Granny Picks Linux Over Windows, OS/X, FreeBSD...
Granny heads out on a new adventure and realizes there's nothing so sweet as Linux running KDE.
Read more of our Reallylinux.com Granny Files:
Linux Makes Granny Cry and
Even Granny Has Linux Installed and
Granny Dumps MS-Office for Star-Office.
Hello my dear Linux friend,
Thank you for stopping
in to read my newest thoughts about Linux and that very easy to learn
and use KDE desktop. I want to share an adventure I had
thanks to my son. I'll be the first to admit that I don't get
out much. Between my rheumatism, bursitis, and my rather clunky hip,
going to the bathroom is an adventure in itself.
But I did indeed go
last week. Thanks to my son's perseverance and patience I was
finally able to visit his office. I'm very proud of him and all of
those brilliant computer people. I think people who write computer
programs are absolutely amazing!
It all began last
Friday, when Jason, that's my big boy, drove me to his office. We
began the tour downstairs and Jason showed me where the receptionists spend their days. I met a nice blonde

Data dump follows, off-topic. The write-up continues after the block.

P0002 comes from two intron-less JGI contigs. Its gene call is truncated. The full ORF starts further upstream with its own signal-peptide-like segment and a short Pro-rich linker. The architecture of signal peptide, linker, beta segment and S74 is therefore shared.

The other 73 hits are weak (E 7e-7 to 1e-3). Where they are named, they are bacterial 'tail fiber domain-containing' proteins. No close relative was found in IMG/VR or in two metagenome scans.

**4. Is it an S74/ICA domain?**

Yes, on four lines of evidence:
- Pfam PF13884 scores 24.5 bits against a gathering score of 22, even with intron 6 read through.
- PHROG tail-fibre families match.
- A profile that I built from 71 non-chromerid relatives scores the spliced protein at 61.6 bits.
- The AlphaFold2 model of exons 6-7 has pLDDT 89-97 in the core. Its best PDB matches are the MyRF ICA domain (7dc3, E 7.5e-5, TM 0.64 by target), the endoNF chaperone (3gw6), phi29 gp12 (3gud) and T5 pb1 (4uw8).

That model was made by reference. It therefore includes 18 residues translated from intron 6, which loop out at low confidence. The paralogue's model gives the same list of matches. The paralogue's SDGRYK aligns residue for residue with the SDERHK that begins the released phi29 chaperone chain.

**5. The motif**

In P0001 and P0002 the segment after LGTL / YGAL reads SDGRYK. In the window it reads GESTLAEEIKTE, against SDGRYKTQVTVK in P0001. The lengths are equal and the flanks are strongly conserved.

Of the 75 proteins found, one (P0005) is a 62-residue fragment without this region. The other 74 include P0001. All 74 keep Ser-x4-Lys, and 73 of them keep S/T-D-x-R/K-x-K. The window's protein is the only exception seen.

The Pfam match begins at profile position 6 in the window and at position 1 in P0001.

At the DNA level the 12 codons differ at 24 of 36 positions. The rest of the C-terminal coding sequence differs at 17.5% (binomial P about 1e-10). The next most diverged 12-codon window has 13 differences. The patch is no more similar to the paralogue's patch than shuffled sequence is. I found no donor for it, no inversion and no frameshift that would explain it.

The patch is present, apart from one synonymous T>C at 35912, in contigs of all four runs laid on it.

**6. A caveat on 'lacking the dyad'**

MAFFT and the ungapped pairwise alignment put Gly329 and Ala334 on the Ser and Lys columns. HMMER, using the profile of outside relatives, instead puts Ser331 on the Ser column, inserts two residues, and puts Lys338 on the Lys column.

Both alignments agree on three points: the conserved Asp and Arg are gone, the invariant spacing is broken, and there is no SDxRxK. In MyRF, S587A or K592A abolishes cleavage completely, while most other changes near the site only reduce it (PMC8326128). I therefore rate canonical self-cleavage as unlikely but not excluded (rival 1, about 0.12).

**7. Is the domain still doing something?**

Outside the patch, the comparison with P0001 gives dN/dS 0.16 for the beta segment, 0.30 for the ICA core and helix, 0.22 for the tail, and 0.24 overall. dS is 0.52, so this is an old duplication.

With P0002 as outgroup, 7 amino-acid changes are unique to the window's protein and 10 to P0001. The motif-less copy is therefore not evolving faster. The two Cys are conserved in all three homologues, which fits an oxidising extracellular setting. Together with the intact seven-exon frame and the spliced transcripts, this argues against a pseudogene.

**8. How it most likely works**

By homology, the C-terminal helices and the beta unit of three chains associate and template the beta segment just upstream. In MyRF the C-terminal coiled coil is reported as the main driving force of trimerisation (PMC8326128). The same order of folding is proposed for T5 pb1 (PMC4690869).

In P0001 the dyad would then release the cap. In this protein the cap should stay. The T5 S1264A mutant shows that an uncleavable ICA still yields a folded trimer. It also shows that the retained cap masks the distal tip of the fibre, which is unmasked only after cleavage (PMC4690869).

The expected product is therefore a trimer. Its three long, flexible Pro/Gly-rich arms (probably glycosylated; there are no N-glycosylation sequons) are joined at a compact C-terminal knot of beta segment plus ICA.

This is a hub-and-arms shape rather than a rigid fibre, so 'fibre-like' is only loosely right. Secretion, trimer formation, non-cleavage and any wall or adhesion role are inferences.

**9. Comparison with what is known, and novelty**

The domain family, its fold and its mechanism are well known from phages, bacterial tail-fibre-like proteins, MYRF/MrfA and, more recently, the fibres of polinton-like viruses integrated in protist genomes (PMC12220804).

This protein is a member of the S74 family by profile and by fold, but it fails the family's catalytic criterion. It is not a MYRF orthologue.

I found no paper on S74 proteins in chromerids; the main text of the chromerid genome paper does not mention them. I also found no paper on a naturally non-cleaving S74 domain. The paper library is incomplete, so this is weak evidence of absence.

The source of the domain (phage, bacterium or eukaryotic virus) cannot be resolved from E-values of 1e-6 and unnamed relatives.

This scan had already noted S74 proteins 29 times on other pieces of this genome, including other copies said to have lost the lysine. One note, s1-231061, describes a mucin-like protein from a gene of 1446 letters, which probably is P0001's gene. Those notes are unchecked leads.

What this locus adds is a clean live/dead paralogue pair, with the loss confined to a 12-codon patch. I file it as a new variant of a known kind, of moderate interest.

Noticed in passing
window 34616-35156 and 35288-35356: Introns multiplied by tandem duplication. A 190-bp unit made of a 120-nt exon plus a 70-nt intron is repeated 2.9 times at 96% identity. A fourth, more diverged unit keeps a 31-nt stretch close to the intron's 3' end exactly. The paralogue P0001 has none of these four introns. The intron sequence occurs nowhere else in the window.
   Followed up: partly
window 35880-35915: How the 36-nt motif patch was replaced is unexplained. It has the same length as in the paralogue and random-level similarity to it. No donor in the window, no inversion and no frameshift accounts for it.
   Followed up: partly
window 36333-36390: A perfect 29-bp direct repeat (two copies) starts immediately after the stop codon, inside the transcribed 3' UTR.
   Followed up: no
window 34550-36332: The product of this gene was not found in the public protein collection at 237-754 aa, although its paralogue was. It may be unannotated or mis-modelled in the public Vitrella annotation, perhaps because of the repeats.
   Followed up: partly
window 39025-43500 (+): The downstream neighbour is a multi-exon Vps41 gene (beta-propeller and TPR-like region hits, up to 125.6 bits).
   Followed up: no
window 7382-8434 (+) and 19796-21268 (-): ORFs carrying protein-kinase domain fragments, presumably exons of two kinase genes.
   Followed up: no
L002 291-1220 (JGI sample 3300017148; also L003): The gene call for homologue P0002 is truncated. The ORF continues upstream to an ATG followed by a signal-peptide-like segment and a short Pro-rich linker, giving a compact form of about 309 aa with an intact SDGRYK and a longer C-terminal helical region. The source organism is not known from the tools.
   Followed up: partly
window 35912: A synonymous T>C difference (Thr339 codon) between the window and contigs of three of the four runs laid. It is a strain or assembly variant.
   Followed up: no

gal named Susie. She was a pretty little lady although a bit thin.
As I approached her, I thought she might be great for Jason until...
She let out an "Oh,
It shocked me so much
that I had to sit down right there on the floor of the lobby. Susie,
such a sweet looking young gal, seemed so upset. She apologized and helped
me up and then went back to working. As Jason held my arm keeping me
steady, dear little Susie yelped again. This time I was thankfully
holding on to the front desk and Jason had my arm.
When I asked this young
lady what was bothering her so greatly, she pushed her monitor
slightly so I could have a look. All I saw was a bright blue screen
with some jibberish text. I didn't have my glasses on so I can't
tell you what it said, but the message must have been quite upsetting
to make a nice young gal spew such harsh words!
I looked up at Jason
who was still holding my arm, and he softly said, "Windows, mom."
Now I finally understood why this sweet young gal suffered so. I
opened my purse and handed little Susie, my goodness how thin and
pale she looked, a Knoppix Live
CD. "Here you are honey. This will help cheer you up."
I wanted to share some
of my raisin and date snack with this young emaciated gal, but Jason